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Etta shifted in her seat, drawing a look of concern from Nicholas, who’d been studying his water for the entire duration of the conversation, as if he couldn’t quite believe there wasn’t dirt swimming in it.

“I don’t mean to be rude,” Alice said again, this time with more steel in her tone, “but who are you, and why are you here?”

Might as well have it out than keep burning time. “My name is Etta. I’m her daughter.”

Nicholas sprayed the water he’d just taken a sip of, subsequently pounding his chest and choking on what he’d managed to swallow. He spun toward her in disbelief.

“Daughter?” Alice said, her voice changing completely. She was practically chirping. “That’s wonderful! My goodness. You look so much alike it’s startling. I should have known. Etta—is that short for something? What century were you born in? It’s so confusing to meet out of order, you know.”

A flood of confusing, conflicting emotions—anger, excitement, hope, frustration—swept through Etta, and it took her a second to catch her breath and process this.

“Henrietta,” Etta said. “And this is Nicholas Carter.”

“Your servant, ma’am,” Nicholas said with a nod. He put a steadying hand on Etta’s shoulder and kept her firmly in place. Etta was grateful, as she felt she was about to float up out of her skin.

“But, darling, who’s your father?” Alice asked. “Henrietta…is it…is it possibly Henry?”

Etta felt the world bottom out for the second time in less than a minute. “Henry?” she whispered.

“Etta doesn’t know her father,” Nicholas explained. “I’m afraid the situation is rather complicated.”

He did the best that he could to explain what had brought them both to her doorstep—a far better job than Etta would have managed with the thousands of thoughts rattling around her head. She watched Alice’s expression transform again, from horror to amazement to something that looked like genuine fear.

“Then you’re like us?” Etta asked. “I’m not even sure where to start with my questions.”

“I wish!” Alice let out a faint laugh, looking as overcome as Etta felt. “Professor Linden—your great-grandfather—was cousin to my father, a great friend and mentor. Neither he nor I inherited the ability from the Linden side of our family.”

“A guardian, then?” Nicholas confirmed.

Etta sat back, stunned. In her heart, Alice had always been the grandmother she’d never had. Love had been enough to sustain that feeling, even knowing there wasn’t a drop of shared blood between them. But apparently they were from the same family; distantly, maybe, but both Lindens all the same.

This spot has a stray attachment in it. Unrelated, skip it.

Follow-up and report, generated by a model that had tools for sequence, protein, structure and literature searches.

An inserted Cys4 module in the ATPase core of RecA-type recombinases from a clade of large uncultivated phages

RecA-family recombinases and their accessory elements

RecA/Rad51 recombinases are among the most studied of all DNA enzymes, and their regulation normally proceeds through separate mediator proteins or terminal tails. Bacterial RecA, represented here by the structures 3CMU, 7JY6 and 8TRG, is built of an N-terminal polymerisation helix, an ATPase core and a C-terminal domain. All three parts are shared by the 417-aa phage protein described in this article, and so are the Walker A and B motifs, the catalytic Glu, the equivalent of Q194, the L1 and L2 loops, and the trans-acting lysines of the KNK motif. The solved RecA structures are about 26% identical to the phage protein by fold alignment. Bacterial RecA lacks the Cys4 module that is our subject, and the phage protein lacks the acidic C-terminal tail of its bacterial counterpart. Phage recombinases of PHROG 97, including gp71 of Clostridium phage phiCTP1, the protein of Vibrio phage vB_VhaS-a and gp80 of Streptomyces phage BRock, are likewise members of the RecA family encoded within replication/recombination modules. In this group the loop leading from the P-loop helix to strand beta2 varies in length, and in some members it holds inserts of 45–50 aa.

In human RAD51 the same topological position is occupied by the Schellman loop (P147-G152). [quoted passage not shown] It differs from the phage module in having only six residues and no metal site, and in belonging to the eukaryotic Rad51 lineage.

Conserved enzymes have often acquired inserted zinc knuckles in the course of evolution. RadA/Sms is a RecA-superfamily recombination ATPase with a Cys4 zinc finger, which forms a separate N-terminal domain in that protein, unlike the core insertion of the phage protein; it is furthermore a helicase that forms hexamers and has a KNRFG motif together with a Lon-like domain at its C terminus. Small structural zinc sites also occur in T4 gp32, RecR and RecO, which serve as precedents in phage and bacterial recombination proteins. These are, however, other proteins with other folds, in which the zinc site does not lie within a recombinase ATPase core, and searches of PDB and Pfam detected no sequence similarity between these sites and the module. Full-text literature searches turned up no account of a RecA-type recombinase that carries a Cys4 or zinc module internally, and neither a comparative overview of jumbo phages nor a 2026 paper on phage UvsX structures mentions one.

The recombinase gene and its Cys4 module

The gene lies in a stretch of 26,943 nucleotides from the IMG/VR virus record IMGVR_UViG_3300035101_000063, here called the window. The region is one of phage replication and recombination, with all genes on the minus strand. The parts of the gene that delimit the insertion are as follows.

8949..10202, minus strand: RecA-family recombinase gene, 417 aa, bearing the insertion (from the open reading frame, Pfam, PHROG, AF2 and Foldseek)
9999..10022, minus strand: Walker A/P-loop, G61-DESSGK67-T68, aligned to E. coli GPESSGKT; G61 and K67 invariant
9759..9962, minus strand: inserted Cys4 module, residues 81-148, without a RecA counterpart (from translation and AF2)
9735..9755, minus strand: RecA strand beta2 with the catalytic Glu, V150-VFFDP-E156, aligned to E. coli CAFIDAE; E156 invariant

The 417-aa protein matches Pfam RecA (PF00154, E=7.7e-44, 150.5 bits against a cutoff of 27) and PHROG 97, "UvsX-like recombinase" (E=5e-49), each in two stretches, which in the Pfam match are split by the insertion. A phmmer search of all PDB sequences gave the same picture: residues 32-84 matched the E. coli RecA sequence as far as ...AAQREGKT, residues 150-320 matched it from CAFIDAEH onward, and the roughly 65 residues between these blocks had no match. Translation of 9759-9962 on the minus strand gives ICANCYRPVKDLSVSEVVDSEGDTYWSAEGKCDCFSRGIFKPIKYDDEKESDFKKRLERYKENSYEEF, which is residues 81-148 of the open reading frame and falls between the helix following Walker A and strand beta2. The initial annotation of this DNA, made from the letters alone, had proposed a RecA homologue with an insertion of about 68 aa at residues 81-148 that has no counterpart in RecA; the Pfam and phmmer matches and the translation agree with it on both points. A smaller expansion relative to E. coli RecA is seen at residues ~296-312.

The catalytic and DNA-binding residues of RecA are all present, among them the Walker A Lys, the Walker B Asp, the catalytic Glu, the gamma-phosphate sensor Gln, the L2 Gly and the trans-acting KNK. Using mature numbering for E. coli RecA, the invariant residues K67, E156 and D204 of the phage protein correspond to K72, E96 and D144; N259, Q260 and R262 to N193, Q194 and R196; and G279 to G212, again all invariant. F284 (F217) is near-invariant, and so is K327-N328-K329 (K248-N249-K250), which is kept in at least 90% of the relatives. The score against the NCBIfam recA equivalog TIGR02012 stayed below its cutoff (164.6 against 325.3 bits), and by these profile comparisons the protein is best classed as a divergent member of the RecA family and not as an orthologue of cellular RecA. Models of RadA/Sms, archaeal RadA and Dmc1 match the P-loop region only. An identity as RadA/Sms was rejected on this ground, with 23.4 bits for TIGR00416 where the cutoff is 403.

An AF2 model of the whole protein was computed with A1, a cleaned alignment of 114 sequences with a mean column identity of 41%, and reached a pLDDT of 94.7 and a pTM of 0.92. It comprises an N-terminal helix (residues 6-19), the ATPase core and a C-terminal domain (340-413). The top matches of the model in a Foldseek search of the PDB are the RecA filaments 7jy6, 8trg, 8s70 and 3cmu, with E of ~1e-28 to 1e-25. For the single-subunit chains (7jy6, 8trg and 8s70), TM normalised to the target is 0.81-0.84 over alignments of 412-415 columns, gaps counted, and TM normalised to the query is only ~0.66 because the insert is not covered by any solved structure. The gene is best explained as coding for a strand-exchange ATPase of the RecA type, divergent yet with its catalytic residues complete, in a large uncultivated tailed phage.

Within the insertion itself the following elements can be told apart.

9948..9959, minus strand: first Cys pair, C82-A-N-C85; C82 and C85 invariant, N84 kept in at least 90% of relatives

Alice had aged like anyone else. And when Etta’s mother had escaped Ironwood, Alice had gone to find her. Etta felt the tears prick her eyes again, swamped with the now-familiar guilt, the frustration of knowing the truth too late.

Alice protected us. She was a guardian in every sense of the word.

“They had quite the little game going,” Alice continued. “The professor would ‘happen upon’ some relic and use my father to bring it into the museum. It was very hush-hush, of course.” She lifted a chain from under her plain uniform dress, showing them the coin hanging from it. “Rose brought this back from a holiday in Greece. Greece before Christ.”

“How did she end up with the Ironwoods?” Nicholas asked.

“The professor worked very hard to keep her away from the other families, especially them,” Alice explained. “I’m sure you know, but they were at war with one another over who should be making the laws for the families—and then it was all about revenge for the natural times that were rewritten and the loved ones murdered. The professor always said that the traveler lines were on the verge of destroying themselves. As the last two living Lindens, they simply hid, rather than take sides. Once Ironwood’s control over traveling was secured, and the professor passed away…Rose spent some time with a group that banded together to travel. They called themselves refugees?”

Nicholas set his empty glass down on the side table with a bit too much force. “Refugees, you said?”

Alice nodded.

“I’ve heard of a group like that,” Nicholas explained, giving Etta a sidelong glance. “Refugees, to us, are people who, after the timeline is changed, find themselves without a home to return to. I might have been prevented from leaving my time—exiled to it—but they lost their natural times. The years they were born to, the ones they had grown and thrived in, were lost.”

“Sophia mentioned that,” Etta said. “That when the timeline changes and a traveler’s natural time is affected by a big enough shift, they don’t cease to exist, but everything and everyone they’d known might be lost.”

“Precisely. It happened constantly during the war between the families. The timeline became so unstable, so unpredictable, that many began to fear what might happen if it continued. Some of the remnants from the Jacaranda and Hemlock families eventually came to Ironwood and pledged their service and allegiance. But there was a group that dogged him for years, trying to sabotage his business holdings and retaliate on behalf of their dead loved ones…Thorns. That’s what Ironwood calls them. They’re constantly trying to create snags in the timeline that will restore their futures. That’s a dangerous group for your mother to have aligned with.”